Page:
Reality Check“, David Brin — Hartwell’s introductory notes claim this story, one of several sf stories the science journal Nature commissioned for 2000, is a humorous tale. I saw little evidence of that. I also found it a bit obscure. It’s premise, if I’m reading it right, is rather clever — addressing the reader directly as a citizen inhabiting a vast computer simulation of the Transition Era which is to say a simulation of our 20th Century, that time of drama and myth where the future — and cataclysmic failure — and much else seemed possible. A time much different that The Wasteland of Reality Prime Level, that is a world of plenty and longevity and access to all knowledge and also a world of boredom where the possibilities have been mined for life’s purpose. It’s an interesting notion, and it’s thematic relationship to the film The Matrix makes me wonder if Brin intended this story has some rejoinder or playful reinterpretation of it. Brin also postulates that the vast retreat into colorful simulations of the past is the reason behind Fermi’s Paradox —  other alien races have felt into the same decadent trap. That answer for Fermi’s Paradox may be new, but the idea of man decadently retreating into a virtual reality playground has shown up elsewhere: Arthur C. Clarke’s The City and the Stars, James Gunn’s The Joy Makers, and, to a certain extent, Charles Platt’s The Silicion Man. The story’s narrator challenges the reader to wake from his dream. The story’s last four sentences do have some wry significance from being printed in the context of a scientific journal: “Go back to your dream. Smile over this tale, then turn the page to new ‘discoveries.’ Move on with the drama, this life you chose. After all, it’s only make-believe.” Continue reading “Year’s Best SF 6”

A Night Without Stars

Yes, it’s something new. There’s been some thick books read around here lately.

This one came from Amazon Vine.

Frankly, the review was banged out quickly. There’s some additional thoughts and observations with spoilers at the end.

Review: A Night Without Stars, Peter F. Hamilton, 2016.night-without-stars

It’s a night without stars on the planet Bienvenido because it’s far from the rest of galaxy, so far that the only sun in the sky is the one its planets revolve around.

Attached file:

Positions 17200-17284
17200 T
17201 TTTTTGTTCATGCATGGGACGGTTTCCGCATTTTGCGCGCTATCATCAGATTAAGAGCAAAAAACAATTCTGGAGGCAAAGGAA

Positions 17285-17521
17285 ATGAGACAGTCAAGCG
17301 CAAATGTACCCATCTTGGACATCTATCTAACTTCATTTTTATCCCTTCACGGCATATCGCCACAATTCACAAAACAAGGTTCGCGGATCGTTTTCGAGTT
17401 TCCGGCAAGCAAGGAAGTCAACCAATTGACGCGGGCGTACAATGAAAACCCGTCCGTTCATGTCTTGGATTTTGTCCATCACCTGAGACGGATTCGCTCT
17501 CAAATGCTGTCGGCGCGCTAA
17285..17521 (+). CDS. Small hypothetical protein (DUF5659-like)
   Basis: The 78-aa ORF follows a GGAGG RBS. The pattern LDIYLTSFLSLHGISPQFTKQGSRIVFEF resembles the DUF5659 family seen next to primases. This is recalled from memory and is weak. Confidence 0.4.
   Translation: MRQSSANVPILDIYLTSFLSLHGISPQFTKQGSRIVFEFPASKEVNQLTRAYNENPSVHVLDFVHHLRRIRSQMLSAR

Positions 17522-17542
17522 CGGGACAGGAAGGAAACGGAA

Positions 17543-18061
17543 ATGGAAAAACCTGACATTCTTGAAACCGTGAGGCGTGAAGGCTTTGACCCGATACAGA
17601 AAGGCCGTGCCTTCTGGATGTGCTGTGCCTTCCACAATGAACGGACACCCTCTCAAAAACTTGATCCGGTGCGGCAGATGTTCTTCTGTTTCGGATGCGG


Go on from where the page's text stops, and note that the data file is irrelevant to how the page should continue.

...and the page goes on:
It’s a solar system inhabited by members of the races doomed unsuitable for communion with the aliens that created the Void, that vast bubble of altered timeflow and physics busted up by industrialist Nigel Sheldon at the end of The Abyss Beyond Dreams.

Don’t worry if you’ve forgotten all you’ve read in Hamilton’s other Commonwealth novels or never read any at all.

Hamilton quickly brings up you to speed. In the first 41 pages, we get reacquainted with dictator Slvasta, obsessed with ridding Bienvenido of the Faller menace — nasty, irredeemable aliens who digest and mimic (except for the blue blood) a planet’s lifeforms. Except Bienvenido has discovered it’s sharing the solar system with an even nastier alien menace, the Prime from Pandora’s Star and Judas Unchained. Laura Brandt, from Abyss, dies yet again.

And we’re off to the usual compelling Hamilton mix of detectives, spies, revolutionaries, fanatics, astronauts, politicians, nasty aliens and naïve young people thrown in the mix. Masks will drop, factions will plot, alliances will melt away and reform. (The sex in this one is actually fairly low key and short.) Continue reading “A Night Without Stars”

The New Space Opera

Posting this retro review will be one of the few productive things I did today.

From July 18, 2009 …

Review: The New Space Opera, eds. Gardner Dozois and Jonathan Strahan, 2007.New Space Opera

What is “space opera”? The introduction succinctly and accurately calls it romantic adventure science fiction told on a grand scale. It then traces the history of the sub-genre from its stirrings in the 1890s to its full-fledged birth in the 1920s to its nadir in the 1960s and 1970s, when the New Wave made it unfashionable, to its rebirth, while American authors were developing cyberpunk, at the hands of the British in the 1980s and 1990s.

For that grand scale, I’d specify vast scales of time and space and weaponry. The fate of species – their lives or at least their sanity and cultural viability – should be at stake and not some mere individual’s happiness or survival. Some of the stories in this collection are good but not space opera. Some are both. But there aren’t enough good stories of any type to give this collection a higher rating. [I gave it three stars at Amazon.]